• This course provides a basic introduction to the International, Mid-Century Modern, and Ranch styles of architecture and design (and their offshoots) found in commercial and residential forms in the western United States. These styles helped shape the look of California, especially in Los Angeles and Palm Springs, from the 1920s through 1970s.

    Prerequisites: No

    Course Level: Introductory


  • Sustainable design and green practices have raised consumer awareness about the potential dangers lurking in buildings and homes from products such as paints and coatings. Environmental sustainability has influenced architects and interior designers to approach their projects in ways that boost health, lower consumption of nonrenewable resources, and minimize waste. This course looks at the evolution of sustainable design, ways to measure the environmental impact of volatile organic compounds (VOCs), how paints and coatings can contribute toward satisfying LEED® credits, and how these products may play a role in designing for well-being.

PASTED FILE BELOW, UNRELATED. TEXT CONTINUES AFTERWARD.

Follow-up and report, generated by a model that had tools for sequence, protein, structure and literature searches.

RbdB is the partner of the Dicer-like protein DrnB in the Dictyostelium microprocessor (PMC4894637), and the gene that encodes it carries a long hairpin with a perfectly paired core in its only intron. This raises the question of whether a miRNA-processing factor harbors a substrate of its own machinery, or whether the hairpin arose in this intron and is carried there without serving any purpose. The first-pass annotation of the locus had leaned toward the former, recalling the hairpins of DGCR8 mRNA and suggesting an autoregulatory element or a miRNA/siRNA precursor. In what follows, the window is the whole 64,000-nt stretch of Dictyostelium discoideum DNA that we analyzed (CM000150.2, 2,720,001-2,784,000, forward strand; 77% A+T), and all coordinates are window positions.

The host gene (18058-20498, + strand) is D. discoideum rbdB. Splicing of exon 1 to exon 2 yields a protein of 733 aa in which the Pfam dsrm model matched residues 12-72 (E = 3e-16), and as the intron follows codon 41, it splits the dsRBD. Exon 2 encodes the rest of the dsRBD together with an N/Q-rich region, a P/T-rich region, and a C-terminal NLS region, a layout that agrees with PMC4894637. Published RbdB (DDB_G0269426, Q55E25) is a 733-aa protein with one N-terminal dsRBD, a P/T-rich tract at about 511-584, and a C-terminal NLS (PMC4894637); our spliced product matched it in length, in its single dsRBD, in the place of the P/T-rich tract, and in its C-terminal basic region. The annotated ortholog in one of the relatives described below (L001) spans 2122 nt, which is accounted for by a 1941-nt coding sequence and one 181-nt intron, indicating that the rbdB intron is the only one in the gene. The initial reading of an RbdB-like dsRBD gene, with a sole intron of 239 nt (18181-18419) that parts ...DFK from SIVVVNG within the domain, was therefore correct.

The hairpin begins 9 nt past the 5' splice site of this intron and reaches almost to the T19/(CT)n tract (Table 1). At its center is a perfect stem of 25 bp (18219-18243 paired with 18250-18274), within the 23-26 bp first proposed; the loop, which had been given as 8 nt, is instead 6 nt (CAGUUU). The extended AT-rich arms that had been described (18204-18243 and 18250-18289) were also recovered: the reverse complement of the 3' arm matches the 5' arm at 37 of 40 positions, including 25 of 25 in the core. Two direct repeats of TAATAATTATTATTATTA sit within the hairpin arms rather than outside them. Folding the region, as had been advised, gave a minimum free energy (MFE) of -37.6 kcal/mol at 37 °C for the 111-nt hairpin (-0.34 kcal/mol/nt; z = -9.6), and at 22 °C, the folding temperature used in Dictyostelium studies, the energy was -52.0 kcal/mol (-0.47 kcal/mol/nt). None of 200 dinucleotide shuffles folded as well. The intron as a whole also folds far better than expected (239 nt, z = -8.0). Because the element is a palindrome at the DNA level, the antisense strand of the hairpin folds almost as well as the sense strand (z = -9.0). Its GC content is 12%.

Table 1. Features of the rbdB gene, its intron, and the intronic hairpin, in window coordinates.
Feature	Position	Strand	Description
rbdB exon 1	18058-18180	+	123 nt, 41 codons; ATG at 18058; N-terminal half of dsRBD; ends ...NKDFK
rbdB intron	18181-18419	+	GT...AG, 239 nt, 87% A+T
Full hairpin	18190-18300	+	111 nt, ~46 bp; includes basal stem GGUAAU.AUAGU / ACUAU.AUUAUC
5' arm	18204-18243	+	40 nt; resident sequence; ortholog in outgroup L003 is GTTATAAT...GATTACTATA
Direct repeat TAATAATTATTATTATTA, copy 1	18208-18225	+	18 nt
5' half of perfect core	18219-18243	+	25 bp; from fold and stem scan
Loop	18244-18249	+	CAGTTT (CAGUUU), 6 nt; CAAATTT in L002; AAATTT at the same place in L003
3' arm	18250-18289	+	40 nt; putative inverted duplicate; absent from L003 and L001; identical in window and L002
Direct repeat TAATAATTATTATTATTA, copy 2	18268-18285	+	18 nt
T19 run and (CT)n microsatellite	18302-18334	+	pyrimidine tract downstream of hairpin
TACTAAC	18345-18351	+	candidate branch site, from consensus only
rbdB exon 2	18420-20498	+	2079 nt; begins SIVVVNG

Prerequisites: No

    Course Level: Introductory

     This course is part of one or more "Course Collections". Click here to view the details...


  • This course focuses on barrier free shower design and installation. Following a brief review of the reasons, benefits, and legal requirements for barrier free showers it summarizes the features and attributes of shower assemblies, relevant industry standards, waterproofing membranes and drains, best practices, installation methodology, installation tips and techniques, and walk/roll in showers. It includes a review of the design considerations and advice for the creation of perfectly performing showers which follow the latest design trends.


  • Bathrooms can be dangerous places for people with and without physical limitations. The prevalence of bathroom falls amongst persons of all age groups and levels of ability has driven the trend of accessible shower design. Presented here is an overview of how curbless shower pans are designed for durability and safety, and to meet the needs of accessible design. Included are discussions on traditional and modern shower pan design and installation methods and their associated drawbacks and benefits. Industry resources and standards are outlined.